Previous Challenge Entry (Level 1 – Beginner)
Topic: Hide and Seek (08/07/08)
TITLE: No Fun at the Studio
By Karlene Jacobsen
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The old familiar words play in our memories of a childhood filled with steamy summer days. Sun-browned children, free from the bondages of school and homework, spending their days hiding behind trees, boats and under porches while the one who drew the short straw has the opportunity to hone his hunting skills.
However, this time, I was not smiling neither was I enjoying the hunt. Thoughts from “mommy failure” to kidnapped son flashed through my mind as I frantically searched for my two year old. “Have you seen my son? He has big brown eyes, orange-red hair and freckles splattered on his cheeks and nose. He’s wearing navy blue shorts and a blue and white polo shirt.” I asked one of the women working in the photography studio at Sears as I choked back the need to panic. I had dressed him and his sister in their Sunday clothes to get their bi-annual portraits and send off to grandparents, aunts and uncles around the globe.
I am sure I saw pity in her eyes, or maybe it was accusation, “No I’m sorry, I haven’t.” Perhaps she was too busy to show concern or move to assist this terrified mom. How I loath the game hide and seek. Hunting was never something I chose to do.
“He was here just a moment ago!” I was beginning to feel exasperated--desperate for someone to take a moment from their life and help with my crisis. I have heard stories of children disappearing without a trace, and few ever returning. I could not bear it if my child was to join the ranks of children’s faces appearing on milk cartons and billboards reading, “Have you seen me?” Panic rose, threatening to overtake me; I did not know whether to scream first or to cry.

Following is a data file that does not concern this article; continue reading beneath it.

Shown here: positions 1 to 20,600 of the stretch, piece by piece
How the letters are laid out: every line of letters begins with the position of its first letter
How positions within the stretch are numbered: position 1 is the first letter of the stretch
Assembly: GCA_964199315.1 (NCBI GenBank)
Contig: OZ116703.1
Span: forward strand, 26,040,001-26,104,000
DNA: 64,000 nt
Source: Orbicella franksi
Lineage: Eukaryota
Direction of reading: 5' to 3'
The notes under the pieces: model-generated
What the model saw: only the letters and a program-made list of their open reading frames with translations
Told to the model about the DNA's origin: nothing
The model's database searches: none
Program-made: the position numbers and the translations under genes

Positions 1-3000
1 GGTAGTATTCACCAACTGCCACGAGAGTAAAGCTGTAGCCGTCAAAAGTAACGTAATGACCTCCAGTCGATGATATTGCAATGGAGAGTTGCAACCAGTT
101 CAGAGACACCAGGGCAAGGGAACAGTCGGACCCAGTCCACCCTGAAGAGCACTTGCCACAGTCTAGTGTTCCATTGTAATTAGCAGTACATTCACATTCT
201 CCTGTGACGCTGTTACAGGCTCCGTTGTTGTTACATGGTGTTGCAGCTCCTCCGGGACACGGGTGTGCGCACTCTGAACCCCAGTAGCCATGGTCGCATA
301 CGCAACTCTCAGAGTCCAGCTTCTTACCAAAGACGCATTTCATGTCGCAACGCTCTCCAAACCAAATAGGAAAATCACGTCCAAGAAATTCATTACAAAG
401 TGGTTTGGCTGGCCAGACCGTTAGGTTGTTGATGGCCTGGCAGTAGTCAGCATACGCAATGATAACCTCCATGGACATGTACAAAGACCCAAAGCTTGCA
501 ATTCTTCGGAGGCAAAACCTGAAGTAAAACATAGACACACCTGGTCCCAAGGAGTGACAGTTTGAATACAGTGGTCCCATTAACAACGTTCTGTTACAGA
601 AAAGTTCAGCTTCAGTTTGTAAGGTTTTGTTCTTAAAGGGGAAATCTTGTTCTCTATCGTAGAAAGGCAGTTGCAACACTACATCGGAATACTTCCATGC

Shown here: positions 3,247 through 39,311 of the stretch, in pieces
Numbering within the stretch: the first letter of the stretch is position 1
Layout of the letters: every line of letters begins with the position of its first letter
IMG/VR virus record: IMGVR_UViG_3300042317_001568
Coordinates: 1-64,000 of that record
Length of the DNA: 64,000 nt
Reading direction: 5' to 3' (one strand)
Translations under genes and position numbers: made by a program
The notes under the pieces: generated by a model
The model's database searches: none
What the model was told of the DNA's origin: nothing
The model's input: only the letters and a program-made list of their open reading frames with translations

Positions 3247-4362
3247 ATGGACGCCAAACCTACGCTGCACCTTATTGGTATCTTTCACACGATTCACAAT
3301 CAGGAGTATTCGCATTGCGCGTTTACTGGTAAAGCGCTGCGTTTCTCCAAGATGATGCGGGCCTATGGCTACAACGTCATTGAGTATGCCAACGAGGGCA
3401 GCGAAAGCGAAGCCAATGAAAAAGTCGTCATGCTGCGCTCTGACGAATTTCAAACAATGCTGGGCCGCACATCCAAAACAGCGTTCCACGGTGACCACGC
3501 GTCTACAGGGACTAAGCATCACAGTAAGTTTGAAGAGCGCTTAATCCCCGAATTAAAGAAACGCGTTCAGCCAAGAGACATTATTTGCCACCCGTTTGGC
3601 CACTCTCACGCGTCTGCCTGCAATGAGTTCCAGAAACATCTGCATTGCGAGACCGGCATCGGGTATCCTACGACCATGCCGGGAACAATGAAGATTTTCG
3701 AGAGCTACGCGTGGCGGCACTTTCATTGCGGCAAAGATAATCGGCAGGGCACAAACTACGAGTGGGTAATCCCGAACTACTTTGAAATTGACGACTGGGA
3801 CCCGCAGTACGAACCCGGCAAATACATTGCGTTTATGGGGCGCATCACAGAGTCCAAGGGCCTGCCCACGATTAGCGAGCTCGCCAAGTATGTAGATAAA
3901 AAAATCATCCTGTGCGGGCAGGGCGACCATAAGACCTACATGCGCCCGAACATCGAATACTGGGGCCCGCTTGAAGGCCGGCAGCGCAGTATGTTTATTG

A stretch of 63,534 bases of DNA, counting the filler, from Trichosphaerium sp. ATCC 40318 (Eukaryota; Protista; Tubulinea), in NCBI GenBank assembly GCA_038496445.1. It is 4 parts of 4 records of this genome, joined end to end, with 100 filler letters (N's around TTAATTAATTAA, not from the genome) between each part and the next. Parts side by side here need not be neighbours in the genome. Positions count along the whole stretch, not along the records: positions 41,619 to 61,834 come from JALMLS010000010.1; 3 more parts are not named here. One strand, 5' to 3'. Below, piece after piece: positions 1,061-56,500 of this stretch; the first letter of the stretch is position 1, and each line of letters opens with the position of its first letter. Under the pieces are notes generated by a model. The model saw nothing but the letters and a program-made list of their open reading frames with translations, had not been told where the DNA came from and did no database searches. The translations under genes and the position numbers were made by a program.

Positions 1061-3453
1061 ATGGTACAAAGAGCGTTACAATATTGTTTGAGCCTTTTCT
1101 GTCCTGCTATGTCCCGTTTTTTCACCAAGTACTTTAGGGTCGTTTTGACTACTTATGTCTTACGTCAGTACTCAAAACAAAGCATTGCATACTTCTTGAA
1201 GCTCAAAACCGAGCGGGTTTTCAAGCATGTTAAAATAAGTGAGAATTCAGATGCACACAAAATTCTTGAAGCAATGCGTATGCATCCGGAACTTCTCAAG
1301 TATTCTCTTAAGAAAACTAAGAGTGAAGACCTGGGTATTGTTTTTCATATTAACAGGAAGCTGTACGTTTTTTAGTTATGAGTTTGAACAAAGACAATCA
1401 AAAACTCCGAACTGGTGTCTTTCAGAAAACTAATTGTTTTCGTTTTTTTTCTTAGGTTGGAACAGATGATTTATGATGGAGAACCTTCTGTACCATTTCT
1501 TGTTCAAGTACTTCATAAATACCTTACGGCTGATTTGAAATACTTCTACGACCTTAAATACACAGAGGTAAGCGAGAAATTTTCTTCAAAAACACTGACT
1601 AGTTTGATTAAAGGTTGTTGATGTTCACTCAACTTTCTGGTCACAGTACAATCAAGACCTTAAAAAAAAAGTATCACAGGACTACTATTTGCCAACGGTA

After several moments, the department manager approached, concern showing in her eyes. “We’ll get everyone looking, Ma’am. Where was the last time you saw him?”
“Right here,” I choked back sobs. “I turned only long enough to help his sister find a toy in the toy box, and then he was gone.”
My mind raced. I could imagine the police ripping my babies from my arms, never to see them again. “You’re a failure mommy!” A voice shouted repeatedly inside my brain. I knew it was true. Even as a young mom, I knew there were consequences for not watching your children. All the “You should have…” speeches began to play in my head.
Before long, the entire staffs of the photography studio and the children’s clothes department were searching racks for my son. Photographers were scouring through their rooms, under tables, behind screens and behind camera equipment, but to no avail. He was gone. The manager decided it was time to call in store security. “Have you got a picture we can give them?” She asked me.
My trembling hands fumbled around in my purse looking for the pictures I had taken six months ago.
“Hey, who’s the kid in the storeroom?” A staff member who had just returned from break opened the employee storeroom to store her purse away for her shift.
We turned, and saw my son, playing with toys he had found tucked away to be used as props by the photographers.
“Mommy, look…a truck!” He exclaimed, oblivious to the frantic looks on the crowd of people gathering around him. Out of the storeroom he toddled, happily carrying the fire truck he had found looking as though he had uncovered a mountain of gold.
I realized long ago that I was not born to be a hunter; I did not have the patience. Never did I expect to have a child who would question everything, his curiosity being enough to spin my serene world out of control. Someone said, “One day you will look back at this and laugh.”
That day has become a distant memory, and yes, I do sit with my nearly grown son and laugh with him about how he tested my sanity.
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